Elmore Leonard, author of such books-cum-films as Get Shorty, Jackie Brown, and Out of Sight, dives into the gritty world of Jack Ryan, an ex-con and drifter who lands a job as a caretaker in Hawaii, but still hungers for trouble. When Ryan (Owen Wilson) meets Nancy (Sara Foster), a young, sexy thrill-seeker and expert manipulator, he gets sucked into her schemes, and together the two embark on a deadly thrill they can't get out of. The Big Bounce is one of Leonard's earlier novels and his first break from the Western crime genre. The 1969 film adaptation The Big Bounce, which starred Ryan O'Neill in the title role, never quite found its rhythm, so it will be interesting to see how this latest remake separates itself from the the earlier film. While the plot sticks pretty closely to the novel, the setting of the film has been relocated from a high-class Michigan resort town to Hawaii. Bounce, which will hit theatres Sept. 26, also stars Morgan Freeman, Gary Sinise as Nancy's real-estate-tycoon lover, Scott Caan, Kris Kristofferson, Willie Nelson, Bebe Neuwirth, Charlie Sheen, and Harry Dean Stanton. Leonard reportedly hated the 1969 film version of the book, so let's hope this go-round will satisfy the author and his fans.
If the film version of In the Cut is anything like the 1991 novel it's based on, I can guarantee the movie will not be rated PG. Author Susanna Moore puts the erotic in erotic thriller in her tale of Franny, a New York English professor who has a torrid affair with the police detective investigating a series of murders that take place in her neighborhood. With each sexual liaison, Franny must test the limits of her safety and desire. When her best friend is murdered, the titillating game becomes far more serious. While the novel certainly has the erotic part down, it needs some help with the thriller aspect. Franny's constant musings on urban semantics distances readers from the emotion of the story, and her eagerness to be dominated by the men in her life conflicts with the headstrong woman Moore attempts to portray. Jane Campion wrote the screenplay and directed the film version, which stars Meg Ryan as Franny and Mark Ruffalo as the police detective. Jennifer Jason Leigh plays Franny's friend, and newcomer Sharrieff Pugh plays Franny's student. With its release date scheduled for late October, you may have already had your fill of the crime mystery story with The Big Bounce and Mystic River, but the female perspective from Moore and Campion should separate this film from the pack.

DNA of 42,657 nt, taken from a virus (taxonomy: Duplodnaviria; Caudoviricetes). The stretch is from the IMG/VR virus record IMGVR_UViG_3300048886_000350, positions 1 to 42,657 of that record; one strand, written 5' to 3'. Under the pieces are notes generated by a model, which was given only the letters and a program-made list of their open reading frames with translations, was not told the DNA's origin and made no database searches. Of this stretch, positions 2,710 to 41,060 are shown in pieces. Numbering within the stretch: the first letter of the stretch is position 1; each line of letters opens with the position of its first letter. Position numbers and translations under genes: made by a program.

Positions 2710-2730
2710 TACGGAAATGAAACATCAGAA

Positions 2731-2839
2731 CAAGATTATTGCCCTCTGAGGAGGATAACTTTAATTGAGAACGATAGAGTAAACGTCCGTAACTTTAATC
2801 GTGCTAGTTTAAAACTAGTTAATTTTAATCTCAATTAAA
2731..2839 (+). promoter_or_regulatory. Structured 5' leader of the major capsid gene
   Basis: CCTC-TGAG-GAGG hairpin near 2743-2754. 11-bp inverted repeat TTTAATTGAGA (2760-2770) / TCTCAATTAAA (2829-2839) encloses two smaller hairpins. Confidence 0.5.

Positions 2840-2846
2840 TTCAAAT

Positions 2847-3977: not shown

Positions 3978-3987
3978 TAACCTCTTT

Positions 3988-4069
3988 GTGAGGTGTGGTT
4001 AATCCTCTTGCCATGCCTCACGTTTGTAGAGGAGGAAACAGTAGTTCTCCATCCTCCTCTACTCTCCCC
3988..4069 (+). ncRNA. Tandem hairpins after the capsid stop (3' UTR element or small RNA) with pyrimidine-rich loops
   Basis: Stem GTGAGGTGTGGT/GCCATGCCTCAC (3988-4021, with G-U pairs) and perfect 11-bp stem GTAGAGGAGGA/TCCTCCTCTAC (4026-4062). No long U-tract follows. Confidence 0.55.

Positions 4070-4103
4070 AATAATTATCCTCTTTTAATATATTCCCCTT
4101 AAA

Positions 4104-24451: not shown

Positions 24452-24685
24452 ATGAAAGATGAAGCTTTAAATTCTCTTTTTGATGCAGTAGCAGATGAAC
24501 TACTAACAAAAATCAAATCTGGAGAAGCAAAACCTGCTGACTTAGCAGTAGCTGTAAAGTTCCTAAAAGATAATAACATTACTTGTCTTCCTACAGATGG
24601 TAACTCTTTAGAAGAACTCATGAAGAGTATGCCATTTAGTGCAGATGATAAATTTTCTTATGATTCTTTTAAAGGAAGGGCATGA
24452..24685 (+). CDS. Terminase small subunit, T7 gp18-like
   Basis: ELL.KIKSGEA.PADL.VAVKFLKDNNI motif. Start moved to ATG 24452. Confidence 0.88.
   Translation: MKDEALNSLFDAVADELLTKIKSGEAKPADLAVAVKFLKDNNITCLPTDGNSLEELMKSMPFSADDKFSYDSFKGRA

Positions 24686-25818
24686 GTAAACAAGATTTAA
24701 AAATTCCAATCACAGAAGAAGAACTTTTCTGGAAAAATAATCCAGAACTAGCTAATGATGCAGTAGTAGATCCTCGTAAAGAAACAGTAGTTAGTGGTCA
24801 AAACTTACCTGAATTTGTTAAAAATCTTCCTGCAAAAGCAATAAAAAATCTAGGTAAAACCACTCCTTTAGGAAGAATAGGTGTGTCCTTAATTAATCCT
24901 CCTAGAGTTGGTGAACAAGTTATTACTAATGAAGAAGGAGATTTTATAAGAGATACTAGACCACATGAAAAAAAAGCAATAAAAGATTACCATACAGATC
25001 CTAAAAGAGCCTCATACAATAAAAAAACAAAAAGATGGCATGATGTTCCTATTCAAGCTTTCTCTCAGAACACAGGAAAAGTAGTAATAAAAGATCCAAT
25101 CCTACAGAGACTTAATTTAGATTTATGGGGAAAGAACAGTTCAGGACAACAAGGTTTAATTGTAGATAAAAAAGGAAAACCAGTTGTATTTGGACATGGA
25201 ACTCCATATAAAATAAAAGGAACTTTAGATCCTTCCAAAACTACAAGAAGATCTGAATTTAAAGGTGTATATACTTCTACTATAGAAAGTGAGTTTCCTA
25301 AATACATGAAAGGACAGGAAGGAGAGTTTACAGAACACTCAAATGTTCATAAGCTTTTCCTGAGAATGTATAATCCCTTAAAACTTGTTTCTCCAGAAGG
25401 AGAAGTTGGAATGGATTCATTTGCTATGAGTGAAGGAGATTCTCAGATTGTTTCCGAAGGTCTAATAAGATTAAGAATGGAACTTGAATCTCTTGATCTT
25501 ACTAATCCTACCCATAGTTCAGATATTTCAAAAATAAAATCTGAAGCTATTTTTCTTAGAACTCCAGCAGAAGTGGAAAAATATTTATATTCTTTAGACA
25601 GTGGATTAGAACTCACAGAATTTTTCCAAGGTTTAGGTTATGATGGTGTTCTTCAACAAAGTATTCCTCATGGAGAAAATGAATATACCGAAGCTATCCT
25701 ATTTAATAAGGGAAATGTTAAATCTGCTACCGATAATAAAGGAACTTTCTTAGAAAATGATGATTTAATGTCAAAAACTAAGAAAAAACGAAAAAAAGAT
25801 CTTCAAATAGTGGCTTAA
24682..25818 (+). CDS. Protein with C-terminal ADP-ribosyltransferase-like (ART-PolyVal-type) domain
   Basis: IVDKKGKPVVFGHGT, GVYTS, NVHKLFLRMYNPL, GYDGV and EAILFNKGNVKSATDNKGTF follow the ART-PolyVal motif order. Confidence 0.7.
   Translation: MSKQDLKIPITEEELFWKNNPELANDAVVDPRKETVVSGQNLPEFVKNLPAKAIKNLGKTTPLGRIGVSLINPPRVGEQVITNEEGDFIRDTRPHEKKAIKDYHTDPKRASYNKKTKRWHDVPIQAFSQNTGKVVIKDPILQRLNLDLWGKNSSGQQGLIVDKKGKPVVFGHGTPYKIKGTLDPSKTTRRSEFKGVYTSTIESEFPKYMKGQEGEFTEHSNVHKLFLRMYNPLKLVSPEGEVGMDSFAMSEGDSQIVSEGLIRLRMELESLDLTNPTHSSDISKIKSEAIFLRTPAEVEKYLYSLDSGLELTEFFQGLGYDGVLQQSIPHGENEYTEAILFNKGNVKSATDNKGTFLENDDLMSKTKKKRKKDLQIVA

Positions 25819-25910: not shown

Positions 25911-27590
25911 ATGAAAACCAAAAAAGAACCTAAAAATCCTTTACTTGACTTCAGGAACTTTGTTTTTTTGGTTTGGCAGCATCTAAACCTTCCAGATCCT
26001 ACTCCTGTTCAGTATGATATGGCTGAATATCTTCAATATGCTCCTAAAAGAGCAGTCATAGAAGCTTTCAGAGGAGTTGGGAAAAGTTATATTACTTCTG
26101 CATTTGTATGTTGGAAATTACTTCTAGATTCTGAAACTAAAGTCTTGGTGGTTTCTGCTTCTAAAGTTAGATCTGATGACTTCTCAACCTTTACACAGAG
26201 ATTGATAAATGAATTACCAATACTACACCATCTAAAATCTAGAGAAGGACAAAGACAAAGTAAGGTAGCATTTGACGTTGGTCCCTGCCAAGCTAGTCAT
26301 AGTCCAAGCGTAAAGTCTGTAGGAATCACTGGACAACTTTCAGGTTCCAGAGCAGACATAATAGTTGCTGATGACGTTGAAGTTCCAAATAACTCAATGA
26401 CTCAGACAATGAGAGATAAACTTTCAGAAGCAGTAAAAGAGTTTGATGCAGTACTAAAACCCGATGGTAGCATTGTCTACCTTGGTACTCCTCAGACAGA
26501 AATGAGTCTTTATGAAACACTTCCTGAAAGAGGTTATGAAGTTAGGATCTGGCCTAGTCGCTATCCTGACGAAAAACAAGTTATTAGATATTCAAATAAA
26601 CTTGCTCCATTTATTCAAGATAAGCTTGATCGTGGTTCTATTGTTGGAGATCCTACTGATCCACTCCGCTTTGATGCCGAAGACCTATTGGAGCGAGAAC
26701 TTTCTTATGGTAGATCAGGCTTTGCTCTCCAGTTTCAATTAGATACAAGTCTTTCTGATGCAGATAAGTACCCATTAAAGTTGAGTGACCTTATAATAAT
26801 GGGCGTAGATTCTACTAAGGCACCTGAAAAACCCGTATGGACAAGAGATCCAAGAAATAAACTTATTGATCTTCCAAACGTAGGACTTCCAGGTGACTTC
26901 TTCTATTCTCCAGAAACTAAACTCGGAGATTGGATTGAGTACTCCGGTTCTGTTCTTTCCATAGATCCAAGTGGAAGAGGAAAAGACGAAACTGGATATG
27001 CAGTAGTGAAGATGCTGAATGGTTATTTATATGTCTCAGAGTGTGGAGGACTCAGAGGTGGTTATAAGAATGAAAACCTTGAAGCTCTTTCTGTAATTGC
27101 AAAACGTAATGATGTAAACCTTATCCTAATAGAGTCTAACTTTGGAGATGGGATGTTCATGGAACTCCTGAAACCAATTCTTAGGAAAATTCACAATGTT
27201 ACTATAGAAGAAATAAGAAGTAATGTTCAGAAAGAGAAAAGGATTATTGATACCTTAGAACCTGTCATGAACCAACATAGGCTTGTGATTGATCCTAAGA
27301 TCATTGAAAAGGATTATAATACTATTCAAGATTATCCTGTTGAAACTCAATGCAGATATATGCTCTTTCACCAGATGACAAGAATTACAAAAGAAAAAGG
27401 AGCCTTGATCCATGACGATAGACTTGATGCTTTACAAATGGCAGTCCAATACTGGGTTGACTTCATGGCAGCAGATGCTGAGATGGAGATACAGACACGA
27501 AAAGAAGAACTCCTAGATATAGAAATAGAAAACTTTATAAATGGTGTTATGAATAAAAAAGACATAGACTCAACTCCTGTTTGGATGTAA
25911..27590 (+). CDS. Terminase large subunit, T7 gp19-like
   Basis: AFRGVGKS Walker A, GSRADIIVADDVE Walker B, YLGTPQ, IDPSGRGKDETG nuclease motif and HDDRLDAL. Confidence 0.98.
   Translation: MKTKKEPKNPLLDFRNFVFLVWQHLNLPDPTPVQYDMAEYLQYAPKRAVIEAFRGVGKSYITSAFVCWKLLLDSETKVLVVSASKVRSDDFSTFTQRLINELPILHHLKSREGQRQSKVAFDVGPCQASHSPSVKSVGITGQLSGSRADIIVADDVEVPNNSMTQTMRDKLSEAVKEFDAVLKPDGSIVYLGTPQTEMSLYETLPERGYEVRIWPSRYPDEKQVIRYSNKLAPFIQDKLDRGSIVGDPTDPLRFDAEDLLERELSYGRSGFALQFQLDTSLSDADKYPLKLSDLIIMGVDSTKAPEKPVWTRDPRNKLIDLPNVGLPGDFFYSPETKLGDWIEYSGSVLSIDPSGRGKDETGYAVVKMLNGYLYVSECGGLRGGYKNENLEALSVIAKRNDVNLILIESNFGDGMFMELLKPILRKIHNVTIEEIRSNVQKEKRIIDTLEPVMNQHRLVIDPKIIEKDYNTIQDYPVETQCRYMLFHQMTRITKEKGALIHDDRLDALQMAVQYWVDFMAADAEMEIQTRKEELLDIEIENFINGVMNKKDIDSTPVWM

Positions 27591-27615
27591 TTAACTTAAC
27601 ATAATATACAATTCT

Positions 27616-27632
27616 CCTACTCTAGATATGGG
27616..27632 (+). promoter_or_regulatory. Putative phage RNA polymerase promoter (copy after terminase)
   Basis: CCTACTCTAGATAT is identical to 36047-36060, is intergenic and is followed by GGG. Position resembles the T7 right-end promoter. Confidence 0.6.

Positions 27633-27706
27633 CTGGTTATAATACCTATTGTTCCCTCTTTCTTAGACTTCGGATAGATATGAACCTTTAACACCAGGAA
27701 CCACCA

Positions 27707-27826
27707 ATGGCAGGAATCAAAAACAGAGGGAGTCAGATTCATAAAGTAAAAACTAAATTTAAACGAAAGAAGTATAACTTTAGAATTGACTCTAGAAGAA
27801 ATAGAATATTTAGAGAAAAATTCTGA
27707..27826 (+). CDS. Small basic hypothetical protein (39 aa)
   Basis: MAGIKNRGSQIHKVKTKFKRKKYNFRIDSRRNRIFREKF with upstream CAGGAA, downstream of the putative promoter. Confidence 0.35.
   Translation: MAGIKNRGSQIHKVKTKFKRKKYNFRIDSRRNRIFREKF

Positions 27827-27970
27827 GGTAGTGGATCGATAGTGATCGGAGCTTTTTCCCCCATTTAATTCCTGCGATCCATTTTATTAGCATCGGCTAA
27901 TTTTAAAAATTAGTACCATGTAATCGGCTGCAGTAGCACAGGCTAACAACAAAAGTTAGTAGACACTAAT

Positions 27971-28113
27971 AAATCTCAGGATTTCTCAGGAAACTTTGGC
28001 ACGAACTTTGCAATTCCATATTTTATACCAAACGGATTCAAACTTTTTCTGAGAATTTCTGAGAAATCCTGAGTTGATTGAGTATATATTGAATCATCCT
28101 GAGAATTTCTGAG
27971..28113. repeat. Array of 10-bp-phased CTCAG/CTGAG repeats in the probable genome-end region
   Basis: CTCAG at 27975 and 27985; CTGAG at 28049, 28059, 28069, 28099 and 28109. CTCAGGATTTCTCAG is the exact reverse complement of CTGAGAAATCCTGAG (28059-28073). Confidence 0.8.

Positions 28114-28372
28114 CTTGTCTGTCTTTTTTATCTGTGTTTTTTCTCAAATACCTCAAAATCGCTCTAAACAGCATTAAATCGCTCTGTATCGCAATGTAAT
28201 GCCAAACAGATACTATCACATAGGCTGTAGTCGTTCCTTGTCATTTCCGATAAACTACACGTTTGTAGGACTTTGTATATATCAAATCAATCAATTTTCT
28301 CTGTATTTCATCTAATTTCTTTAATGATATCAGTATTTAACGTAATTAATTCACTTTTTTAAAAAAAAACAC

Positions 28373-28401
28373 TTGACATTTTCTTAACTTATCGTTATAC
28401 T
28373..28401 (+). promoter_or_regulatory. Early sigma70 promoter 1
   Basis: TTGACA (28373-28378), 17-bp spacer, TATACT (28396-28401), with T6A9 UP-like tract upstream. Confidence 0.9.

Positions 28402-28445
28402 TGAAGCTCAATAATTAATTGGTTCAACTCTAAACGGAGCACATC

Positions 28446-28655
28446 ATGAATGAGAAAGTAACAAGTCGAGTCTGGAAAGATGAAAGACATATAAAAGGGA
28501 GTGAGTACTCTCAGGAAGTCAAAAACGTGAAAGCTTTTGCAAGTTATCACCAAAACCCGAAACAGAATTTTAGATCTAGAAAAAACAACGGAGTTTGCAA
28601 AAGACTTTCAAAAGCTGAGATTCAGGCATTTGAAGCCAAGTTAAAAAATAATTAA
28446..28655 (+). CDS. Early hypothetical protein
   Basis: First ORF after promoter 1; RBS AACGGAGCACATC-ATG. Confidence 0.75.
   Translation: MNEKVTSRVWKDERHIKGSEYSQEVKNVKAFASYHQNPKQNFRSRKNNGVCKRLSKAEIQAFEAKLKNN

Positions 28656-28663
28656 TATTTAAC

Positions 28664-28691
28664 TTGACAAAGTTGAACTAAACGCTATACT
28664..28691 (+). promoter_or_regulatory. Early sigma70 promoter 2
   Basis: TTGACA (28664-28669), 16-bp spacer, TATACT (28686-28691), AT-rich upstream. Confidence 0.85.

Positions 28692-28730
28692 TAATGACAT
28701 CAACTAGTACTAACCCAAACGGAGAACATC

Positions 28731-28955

National bestseller Le Divorce is set to hit theatres with its film adaptation on Aug. 8. Le Divorce follows Isabel (Kate Hudson), a college dropout, from California to Paris, where she moves to live with her pregnant sister Roxy (Naomi Watts), a poet and Francophile recently abandoned by her French husband. Isabel must stay in Paris longer than she expected and soon finds herself having an affair with her brother-in-law's 70-year-old uncle. Le Divorce is the second installment of Diane Johnson's trilogy, which begins with Le Mariage, and ends with L'Affaire, which also hits bookstores this fall. Johnson has been called the female Henry James, and it's a comparison she doesn't shy away from. Indeed she makes overt references to James by naming her main character Isabel Walker in homage to James' heroine, Isabel Archer. And if she had any inkling that this book would ever be adapted to the screen, she certainly seems to have done her homework. The novel's opening paragraph begins, "I think of my story as a sort of film. In a film, this part would be under the credits, opening with an establishing shot from a high angle, perhaps the Eiffel Tower, panning tiny scenes far below of the foreign city...." While I don't necessarily think Johnson is the next James, she is one terrific writer, and her book is an absolute must-read. The film, directed by James Ivory and produced by Merchant-Ivory Productions, will have a lot to live up to: Le Divorce was a National Book Award finalist and won a California Book Awards gold medal for fiction. But with a talented cast, including Stockard Channing, Glenn Close, Stephen Fry, Matthew Modine, Bebe Neuwirth, and Sam Waterston, I'm keeping my fingers crossed that the film will be as breezy, charming, and intelligent as the novel on which it's based. BSW
The Human Stain by Philip Roth, Vintage Books, 2001, $14.
Mystic River by Dennis Lehane, Harper Mass Market Paperbacks, 2002, $7.99.
The Big Bounce by Elmore Leonard, Harper Mass Market Paperbacks, 2003, $7.50.
"Pretending the Bed Is a Raft" from Pretending the Bed Is a Raft: Stories by Nanci Kincaid, Delta, 1998, $19.
In the Cut by Susanna Moore, Plume, 1999, $12.95.
Le Divorce by Diane Johnson, Plume, 1998, $12.95.